Coded Acquisition of High Frame Rate Video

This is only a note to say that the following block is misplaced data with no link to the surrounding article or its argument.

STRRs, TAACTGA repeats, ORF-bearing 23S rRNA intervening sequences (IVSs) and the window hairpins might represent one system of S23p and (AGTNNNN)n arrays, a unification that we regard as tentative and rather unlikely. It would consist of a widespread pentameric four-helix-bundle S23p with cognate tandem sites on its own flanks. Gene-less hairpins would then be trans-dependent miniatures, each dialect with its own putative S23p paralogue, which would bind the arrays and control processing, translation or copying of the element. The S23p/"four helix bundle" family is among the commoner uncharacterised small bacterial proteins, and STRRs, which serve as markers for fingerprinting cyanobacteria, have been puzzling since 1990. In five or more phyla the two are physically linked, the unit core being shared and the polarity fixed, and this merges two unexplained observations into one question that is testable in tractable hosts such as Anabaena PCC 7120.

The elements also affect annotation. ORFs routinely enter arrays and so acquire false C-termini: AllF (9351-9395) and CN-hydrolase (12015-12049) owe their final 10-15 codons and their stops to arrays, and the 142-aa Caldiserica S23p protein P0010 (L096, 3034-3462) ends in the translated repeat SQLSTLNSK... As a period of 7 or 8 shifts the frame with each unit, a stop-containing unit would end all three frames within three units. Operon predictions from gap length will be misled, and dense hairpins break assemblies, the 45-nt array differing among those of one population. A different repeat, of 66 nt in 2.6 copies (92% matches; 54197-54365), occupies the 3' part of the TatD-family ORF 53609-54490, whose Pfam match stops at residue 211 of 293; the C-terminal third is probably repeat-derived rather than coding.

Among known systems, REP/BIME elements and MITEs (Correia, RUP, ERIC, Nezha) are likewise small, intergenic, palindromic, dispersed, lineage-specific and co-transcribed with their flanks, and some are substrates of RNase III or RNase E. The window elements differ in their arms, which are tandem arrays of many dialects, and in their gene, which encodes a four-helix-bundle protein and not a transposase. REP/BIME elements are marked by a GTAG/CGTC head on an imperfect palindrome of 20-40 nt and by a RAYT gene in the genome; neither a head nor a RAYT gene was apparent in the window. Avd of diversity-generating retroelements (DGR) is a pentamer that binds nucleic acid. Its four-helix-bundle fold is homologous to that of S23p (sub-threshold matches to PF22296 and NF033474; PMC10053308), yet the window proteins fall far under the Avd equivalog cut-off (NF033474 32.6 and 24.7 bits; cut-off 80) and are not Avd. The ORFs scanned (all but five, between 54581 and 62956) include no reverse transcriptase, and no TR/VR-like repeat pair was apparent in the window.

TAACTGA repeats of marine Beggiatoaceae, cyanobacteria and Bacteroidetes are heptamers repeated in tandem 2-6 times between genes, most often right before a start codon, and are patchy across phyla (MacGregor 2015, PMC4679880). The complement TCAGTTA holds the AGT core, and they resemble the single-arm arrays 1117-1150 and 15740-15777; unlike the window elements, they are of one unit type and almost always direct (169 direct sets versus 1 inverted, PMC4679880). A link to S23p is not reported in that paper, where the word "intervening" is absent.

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High frame rate video (HFV) is an important investigational tool in sciences, engineering, and military. In ultrahigh speed imaging, the obtainable temporal, spatial, and spectral resolutions are limited by the sustainable throughput of in-camera mass memory, lower bound of exposure time, and illumination conditions. To break these bottlenecks, we propose a new coded video acquisition framework that employs K ≥ 2 cameras, each of which makes random measurements of the video signal in both temporal and spatial domains. For each of the K cameras, this multicamera strategy greatly relaxes the stringent requirements in memory speed, shutter speed, and illumination strength. The recovery of HFV from these random measurements is posed and solved as a large-scale l1 minimization problem by exploiting joint temporal and spatial sparsities of the 3D signal. Three coded video acquisition techniques of varied tradeoffs between performance and hardware complexity are developed: 1) framewise coded acquisition; 2) pixelwise coded acquisition; and 3) columnwise-rowwise coded acquisition. The performances of these techniques are analyzed in relation to the sparsity of the underlying video signal. Simulations of these new HFV capture techniques are carried out and experimental results are reported.
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